2 Answers | Add Yours
It is, of course, impossible to know for sure. However, I would argue that Mexico would not be much different while the US would be much smaller and weaker.
Mexico would not be much different economically because Mexico's problem is not a lack of resources. Yes, Mexico would have had the gold in California, but it would likely have only led to the rich getting richer, not to more equality and a more stable government. The major difference would be that Mexico would not have as much cause to resent the US.
The US, on the other hand, might well be very different. We would have been less likely to believe in manifest destiny and might not have taken Hawaii and the Philippines later in the century. If that had happened, we might never have been involved in WWII because there would have been no reason for Japan to attack.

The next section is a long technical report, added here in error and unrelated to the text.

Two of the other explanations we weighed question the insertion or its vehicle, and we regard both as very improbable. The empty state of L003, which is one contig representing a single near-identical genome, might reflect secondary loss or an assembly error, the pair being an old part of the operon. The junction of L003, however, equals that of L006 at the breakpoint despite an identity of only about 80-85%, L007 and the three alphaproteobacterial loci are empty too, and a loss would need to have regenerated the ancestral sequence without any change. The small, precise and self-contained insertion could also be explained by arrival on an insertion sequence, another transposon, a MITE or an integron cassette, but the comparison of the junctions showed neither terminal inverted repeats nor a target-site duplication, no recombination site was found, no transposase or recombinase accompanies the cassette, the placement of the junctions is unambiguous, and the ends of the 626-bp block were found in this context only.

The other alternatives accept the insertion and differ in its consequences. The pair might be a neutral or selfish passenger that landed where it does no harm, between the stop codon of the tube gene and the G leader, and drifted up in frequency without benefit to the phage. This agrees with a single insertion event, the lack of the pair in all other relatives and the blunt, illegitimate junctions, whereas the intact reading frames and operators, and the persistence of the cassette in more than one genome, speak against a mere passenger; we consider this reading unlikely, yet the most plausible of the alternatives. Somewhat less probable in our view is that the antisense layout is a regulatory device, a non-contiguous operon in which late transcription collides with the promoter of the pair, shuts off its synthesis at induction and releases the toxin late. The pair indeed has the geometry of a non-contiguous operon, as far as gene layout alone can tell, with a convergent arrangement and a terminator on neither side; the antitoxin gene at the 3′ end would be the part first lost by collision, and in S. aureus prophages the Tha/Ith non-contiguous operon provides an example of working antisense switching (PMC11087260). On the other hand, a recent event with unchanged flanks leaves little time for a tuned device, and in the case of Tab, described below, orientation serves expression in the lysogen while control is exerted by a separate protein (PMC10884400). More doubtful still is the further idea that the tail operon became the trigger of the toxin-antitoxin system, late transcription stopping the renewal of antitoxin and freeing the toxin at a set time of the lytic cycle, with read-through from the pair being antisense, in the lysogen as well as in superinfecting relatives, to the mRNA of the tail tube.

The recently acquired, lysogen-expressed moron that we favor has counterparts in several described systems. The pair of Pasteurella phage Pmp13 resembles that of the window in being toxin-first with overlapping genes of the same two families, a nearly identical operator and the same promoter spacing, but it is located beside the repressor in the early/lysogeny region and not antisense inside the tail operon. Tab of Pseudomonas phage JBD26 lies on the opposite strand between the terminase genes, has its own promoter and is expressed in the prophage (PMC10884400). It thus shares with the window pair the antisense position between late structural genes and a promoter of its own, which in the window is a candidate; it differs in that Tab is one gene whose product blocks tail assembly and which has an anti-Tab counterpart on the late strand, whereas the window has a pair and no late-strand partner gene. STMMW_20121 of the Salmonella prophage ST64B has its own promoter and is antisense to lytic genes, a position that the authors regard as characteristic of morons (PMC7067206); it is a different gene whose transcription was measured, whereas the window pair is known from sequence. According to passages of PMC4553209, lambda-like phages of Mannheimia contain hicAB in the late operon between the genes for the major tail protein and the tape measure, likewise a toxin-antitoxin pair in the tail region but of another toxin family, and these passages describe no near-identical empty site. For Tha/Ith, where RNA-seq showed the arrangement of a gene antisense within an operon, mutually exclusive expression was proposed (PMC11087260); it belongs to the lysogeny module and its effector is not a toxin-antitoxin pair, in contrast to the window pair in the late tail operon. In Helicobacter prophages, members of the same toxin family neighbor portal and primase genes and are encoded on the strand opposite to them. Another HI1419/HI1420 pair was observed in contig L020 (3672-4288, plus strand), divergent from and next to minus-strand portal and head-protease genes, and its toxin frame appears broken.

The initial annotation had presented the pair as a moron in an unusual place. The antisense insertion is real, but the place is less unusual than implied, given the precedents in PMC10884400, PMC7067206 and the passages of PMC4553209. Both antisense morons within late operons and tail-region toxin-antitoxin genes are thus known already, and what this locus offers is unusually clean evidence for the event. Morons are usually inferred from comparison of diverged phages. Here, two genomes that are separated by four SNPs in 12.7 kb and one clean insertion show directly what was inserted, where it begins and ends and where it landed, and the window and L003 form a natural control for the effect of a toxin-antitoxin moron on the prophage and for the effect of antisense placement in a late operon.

There are, of course, many other ways that this could have played out.
If Mexico had won the war, I would speculate that both countries would be quite different. For one thing, it would have been far more difficult for the United States to enforce the Monroe Doctrine quite simply because the United States would have not have had the size, resources, and power to do so. The Monroe Doctrine was a foreign policy designed to keep European powers out of North and South America. It implicitly states that the United States is the keeper of the entire American continent (North and South), from Canada to Argentina. Consequently, the United States carried out further military interventions in several countries, including Mexico, which allowed the United States to become the prevailing power in the Western Hemisphere at the time (a power that subsequently expanded itself to other regions of the world). It should be mentioned that the Louisiana Purchase was another pivotal factor in the expansion of the frontier. This historical event, in my opinion, was more influential in the development of the United States than the Mexican American War in that it opened up the physical, political, and economic space for the US government to envision and pursue policies of expansion.
We’ve answered 317,600 questions. We can answer yours, too.Ask a question